Tuesday, February 14, 2012

~:February update:~

Mother and child, circa 1890s

In the above photo, notice the childs handmade attire. It reminds me of my sister's recent project...
~She's been crocheting baby clothes for a dear friends newborn, and just finished up a matching blanket. I'm hoping to begin hand-quilting soon, and I'm looking forward to it!

~On a chilly afternoon, I catch a glance of the clothesline-- earnestly hoping the wind isn't too fretful. Thankfully the warm sun is out for a moment, so I hurry outside to finish up garden chores.
~Sunday Morning.
After a filling breakfast of warm pancakes {with homemade preserves & thick vanilla syrup..yum :) }, it was mentioned that perhaps we could go up to the woods. With much excitement, I picked up some shawls to bring along while my Mother gathered a few worn quilts--and together we made our trek up to a favorite area.

"..Joy and gladness shall be found therein, thanksgiving, and the voice of melody." Isaiah 51:3

____Under the shade of the pine trees, how delightful to spend time surrounded by nature itself. Frequently birds would come near us, hopping amongst the crunchy leaves in search for a late breakfast, I suppose. Yet, I couldn't help but notice, in the midst of it all: Reading together and earnestly praying together...
Draws you CLOSER together, indeed.
It's wash day, and time to put together some homemade liquid starch.
The recipe is simple, and it really does work!
~Mix 1/4 cup corn starch into 1 cup of water until it's dissolved. Then stir that mixture into a quart of boiling water. Continue to stir constantly until it comes to a boil and thickens...then remove from heat.

~When the starch has cooled off a bit, dip your garment in plain water-- then wring out well. Then you add it to the starch...working it in to make sure its soaking through evenly. Wring out the excess starch, then repeat with any other garments. Hang the items on the line to dry, until barely damp.

~While my corded petticoat was still a little damp, I began to iron. Talk about crisp! haha the store-bought spray cannot compare! It took a while of ironing, but turned out nice & stiff ;) So with my plain cotton dress, I wore 3 layers of petticoats (including my wool one) all day, cooking meals & working in the garden etc.

~Privet berries, Quince blooms, and Arugula blossoms.

A primitive bouquet of the wintry season.
~One evening, we visited our neighbors homestead to stop by & pick up some organic produce. Soon enough, we were greeted by a small herd of cattle. These old heritage breeds are beautiful!

~Curved staff in hand, their owner kept a steady eye on 'em as I quietly stepped closer to observe. I watched as the calves leaped about, yet didn't wander too far from their mothers. As we continued to walk down the property, they followed right behind us!

~The wind swept up clouds of dust as the sun rapidly began to set, casting its warm rays upon the cows. These primitive breeds are so hardy-- well suited for the rough terrain and climate of our area.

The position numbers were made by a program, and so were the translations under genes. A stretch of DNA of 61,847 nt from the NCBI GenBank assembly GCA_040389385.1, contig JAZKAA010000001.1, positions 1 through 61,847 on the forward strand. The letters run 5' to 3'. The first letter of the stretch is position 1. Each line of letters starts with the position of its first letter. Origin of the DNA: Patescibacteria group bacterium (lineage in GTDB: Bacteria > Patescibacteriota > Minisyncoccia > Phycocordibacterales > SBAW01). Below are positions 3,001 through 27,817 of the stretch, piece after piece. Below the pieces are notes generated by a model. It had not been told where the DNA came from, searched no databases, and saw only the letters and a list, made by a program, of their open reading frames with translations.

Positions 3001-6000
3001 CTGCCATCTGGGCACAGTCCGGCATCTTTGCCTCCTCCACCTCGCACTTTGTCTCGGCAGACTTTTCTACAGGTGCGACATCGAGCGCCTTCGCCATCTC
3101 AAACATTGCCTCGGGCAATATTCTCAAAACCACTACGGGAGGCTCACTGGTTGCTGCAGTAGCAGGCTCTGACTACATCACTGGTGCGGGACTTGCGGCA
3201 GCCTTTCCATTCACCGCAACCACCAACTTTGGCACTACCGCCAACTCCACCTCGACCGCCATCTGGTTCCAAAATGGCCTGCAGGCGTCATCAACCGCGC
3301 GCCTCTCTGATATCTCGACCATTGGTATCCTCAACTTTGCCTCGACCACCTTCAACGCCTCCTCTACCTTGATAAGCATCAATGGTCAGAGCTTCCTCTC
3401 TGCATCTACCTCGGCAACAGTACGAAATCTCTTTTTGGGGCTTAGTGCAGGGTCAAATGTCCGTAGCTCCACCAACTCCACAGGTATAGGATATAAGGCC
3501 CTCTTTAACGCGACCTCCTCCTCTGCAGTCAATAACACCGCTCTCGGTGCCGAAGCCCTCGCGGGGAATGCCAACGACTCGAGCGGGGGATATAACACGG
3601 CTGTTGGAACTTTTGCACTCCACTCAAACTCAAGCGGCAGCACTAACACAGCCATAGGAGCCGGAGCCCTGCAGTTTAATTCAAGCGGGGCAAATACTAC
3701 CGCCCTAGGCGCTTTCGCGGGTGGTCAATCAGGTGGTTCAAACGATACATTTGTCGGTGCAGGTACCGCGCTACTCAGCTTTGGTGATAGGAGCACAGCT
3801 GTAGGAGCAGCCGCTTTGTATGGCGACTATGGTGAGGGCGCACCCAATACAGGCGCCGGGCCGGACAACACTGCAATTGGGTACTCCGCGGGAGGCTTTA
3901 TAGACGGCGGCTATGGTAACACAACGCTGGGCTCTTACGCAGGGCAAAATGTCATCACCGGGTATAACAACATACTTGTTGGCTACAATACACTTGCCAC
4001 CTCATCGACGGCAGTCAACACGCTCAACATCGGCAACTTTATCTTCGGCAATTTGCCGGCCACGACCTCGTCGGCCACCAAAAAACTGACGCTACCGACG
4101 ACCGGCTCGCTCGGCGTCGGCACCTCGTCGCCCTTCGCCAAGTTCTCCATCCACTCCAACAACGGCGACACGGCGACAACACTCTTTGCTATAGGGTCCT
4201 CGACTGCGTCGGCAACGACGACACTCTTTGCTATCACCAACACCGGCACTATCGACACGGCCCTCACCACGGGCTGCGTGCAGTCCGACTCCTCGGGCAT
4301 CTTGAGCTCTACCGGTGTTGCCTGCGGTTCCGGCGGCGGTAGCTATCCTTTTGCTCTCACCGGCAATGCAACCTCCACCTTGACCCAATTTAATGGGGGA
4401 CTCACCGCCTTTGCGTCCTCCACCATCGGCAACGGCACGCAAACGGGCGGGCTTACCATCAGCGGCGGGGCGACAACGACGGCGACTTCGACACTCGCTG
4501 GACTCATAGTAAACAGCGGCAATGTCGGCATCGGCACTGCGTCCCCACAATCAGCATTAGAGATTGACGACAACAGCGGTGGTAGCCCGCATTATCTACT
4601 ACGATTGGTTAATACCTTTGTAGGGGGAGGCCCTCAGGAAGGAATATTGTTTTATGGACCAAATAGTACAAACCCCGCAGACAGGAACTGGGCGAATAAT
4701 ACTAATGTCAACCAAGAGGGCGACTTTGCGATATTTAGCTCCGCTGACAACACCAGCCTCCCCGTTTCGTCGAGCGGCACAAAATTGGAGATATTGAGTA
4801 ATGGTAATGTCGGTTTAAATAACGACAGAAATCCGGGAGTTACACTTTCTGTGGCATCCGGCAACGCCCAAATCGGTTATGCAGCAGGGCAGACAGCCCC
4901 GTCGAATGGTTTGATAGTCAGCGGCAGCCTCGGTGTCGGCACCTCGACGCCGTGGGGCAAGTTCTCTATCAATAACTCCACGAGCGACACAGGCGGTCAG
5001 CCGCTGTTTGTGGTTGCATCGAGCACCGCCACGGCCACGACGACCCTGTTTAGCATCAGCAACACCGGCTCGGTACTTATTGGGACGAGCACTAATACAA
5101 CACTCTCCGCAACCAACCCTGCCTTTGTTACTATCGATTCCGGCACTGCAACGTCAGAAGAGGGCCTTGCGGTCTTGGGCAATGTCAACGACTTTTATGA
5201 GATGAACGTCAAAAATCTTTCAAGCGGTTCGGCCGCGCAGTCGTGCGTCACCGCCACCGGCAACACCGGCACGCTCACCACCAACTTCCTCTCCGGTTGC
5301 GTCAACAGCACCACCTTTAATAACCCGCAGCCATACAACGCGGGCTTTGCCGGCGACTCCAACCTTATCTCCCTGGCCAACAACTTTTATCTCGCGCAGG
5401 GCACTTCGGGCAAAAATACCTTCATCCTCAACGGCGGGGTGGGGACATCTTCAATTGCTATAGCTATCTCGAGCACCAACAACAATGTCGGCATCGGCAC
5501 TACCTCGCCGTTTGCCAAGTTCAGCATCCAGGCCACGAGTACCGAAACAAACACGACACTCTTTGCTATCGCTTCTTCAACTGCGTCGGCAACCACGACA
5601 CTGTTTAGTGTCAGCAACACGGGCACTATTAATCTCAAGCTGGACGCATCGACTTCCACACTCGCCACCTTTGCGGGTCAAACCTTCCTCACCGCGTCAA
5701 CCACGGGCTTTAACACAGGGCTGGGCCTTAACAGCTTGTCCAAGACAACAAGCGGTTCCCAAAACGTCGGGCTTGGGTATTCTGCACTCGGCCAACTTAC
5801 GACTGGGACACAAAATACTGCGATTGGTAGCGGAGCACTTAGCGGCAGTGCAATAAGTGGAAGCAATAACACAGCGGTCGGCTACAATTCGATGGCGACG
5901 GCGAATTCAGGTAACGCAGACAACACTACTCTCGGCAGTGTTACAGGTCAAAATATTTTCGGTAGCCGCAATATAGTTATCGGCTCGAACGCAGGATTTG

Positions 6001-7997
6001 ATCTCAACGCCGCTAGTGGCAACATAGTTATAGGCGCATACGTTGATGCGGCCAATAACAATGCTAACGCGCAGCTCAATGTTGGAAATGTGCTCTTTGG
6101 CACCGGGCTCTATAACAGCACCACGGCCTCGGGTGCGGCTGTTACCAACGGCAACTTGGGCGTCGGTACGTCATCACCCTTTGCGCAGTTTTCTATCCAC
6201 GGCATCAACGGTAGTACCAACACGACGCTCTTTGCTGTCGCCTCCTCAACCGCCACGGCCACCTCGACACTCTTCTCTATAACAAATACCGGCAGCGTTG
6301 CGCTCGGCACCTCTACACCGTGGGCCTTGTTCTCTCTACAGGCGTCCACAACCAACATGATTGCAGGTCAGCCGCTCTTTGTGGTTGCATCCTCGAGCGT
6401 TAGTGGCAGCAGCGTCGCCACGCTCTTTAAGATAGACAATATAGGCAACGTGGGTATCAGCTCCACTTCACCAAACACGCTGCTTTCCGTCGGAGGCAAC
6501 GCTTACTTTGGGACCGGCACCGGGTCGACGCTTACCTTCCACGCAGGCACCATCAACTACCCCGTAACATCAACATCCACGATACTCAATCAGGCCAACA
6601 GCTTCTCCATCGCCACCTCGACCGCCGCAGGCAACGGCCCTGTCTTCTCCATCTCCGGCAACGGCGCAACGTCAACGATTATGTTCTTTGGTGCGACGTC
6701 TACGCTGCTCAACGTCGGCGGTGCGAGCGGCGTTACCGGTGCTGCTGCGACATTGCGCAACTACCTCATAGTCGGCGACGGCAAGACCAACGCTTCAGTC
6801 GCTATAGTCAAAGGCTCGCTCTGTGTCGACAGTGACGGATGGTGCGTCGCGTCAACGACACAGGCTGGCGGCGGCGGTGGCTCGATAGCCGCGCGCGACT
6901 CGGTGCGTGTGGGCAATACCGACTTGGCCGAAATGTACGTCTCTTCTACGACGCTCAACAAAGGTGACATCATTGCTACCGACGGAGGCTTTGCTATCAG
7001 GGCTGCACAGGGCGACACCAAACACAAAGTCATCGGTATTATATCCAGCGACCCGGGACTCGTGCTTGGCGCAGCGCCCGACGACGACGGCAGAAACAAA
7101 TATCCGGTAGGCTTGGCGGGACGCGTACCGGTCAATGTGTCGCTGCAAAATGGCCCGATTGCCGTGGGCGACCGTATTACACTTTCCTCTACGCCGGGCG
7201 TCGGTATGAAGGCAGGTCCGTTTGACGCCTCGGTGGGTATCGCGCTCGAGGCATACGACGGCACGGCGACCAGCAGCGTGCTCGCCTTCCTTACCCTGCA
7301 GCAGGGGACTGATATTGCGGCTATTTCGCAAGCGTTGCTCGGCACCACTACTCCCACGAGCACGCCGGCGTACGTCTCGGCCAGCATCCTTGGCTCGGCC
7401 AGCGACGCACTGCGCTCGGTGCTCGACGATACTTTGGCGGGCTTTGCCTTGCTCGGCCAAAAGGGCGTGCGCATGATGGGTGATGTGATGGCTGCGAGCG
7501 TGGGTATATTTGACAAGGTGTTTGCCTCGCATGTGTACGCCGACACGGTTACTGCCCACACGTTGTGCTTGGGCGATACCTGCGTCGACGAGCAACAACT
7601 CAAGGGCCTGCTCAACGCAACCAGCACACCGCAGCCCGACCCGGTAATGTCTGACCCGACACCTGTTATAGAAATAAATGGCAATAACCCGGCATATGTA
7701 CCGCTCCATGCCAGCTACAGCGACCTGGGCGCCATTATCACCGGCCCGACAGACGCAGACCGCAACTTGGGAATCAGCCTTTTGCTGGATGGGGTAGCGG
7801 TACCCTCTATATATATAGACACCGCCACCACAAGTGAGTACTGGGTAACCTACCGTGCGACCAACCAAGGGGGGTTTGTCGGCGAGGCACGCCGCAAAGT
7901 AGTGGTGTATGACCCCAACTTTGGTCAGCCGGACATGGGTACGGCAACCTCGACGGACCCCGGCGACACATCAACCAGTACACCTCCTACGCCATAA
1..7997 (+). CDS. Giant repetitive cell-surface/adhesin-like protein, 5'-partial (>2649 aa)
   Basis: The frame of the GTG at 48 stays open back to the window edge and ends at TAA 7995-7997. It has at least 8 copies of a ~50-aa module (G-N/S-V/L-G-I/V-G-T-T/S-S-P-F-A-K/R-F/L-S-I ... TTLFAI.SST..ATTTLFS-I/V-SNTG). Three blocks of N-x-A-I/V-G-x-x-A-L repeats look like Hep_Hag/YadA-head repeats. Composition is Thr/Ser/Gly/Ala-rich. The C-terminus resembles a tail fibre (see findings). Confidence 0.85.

~A ewe and her lamb


Before heading home, we walked further to get a glance of the flock of sheep...They kept their distance, but nevertheless were a serene sight against the woodland surroundings.

~ Later that evening, my father shared childhood memories, read out-loud, and together we all discussed this years hopes for the homestead. I can't believe we've been out here in the country for 3 years! Time has flown by so quickly.
~ We ladies in the household wear aprons for everything.
I'm finding that they're actually wearing out, as we keep our favorites in daily rotation. So I'm going to start sewing new cobbler aprons & bibb aprons using our current garments as an easy pattern.
~Recently we mixed young broccoli leaves into our salad (we've been eating fresh salad leaves daily and ran low..so we turned to broccoli!) Not only are the leaves tender and sweet, but they're actually more nutritious than the heads of broccoli usually consumed. You can cook them the same way as cabbage or any other greens, or even as a wrap-- stuffed with seasoned rice etc.

~February garden activities:
Ordering from garden catalogues.

Pruning trees, shrubs and bushes.

Weeding and tending to the garden.

Relax and read a new book off the bookshelf.

Protect cold-sensitive potted plants.

Repair the fence.

Put straw mulch over garden beds or new areas not planted.

Prune and mulch dormant perennials.

Enjoy the bulbs and rosemary in bloom.

Repair and sharpen tools.

Continue the gardening journal..attempt to sketch alongside writings.

Take a slow walk through the garden.

Observe. Create new goals.

~I'm looking forward to the next few weeks of seed starting. I just finished planting more red onions and sweet onions as well. They'll do the best out in the field, while we'll keep the veggies in the smaller cottage garden areas. The anticipation for the upcoming season nurtures our homesteading dream.

~My brother dug up some clay, and began to make bricks. He enjoyed figuring out what to mix with the clay to make it sturdier.
~I thought I'd share with you a few tips for preparing cake/baked goods..
1. Always, always use room temperature eggs. This gives the batter more volume and aids in the mixing process.

~2. Adding whipped egg whites makes for a lighter, fluffy batter.
Make sure the egg whites are room temperature before you start!

~3. Previously soften the butter before creaming with sugar. Also, I like to use salted butter ( to give the cake more flavor), then omit the regular amount of salt called for.

~4. Sifting flour is an important (an often overlooked) part of the baking process. It softens the flour, and its able to absorb liquids more evenly. This will create a noticeably lighter cake!

~The comforts of home--how sweet the name! A place we sought and humbly came.
Wherewith I am content.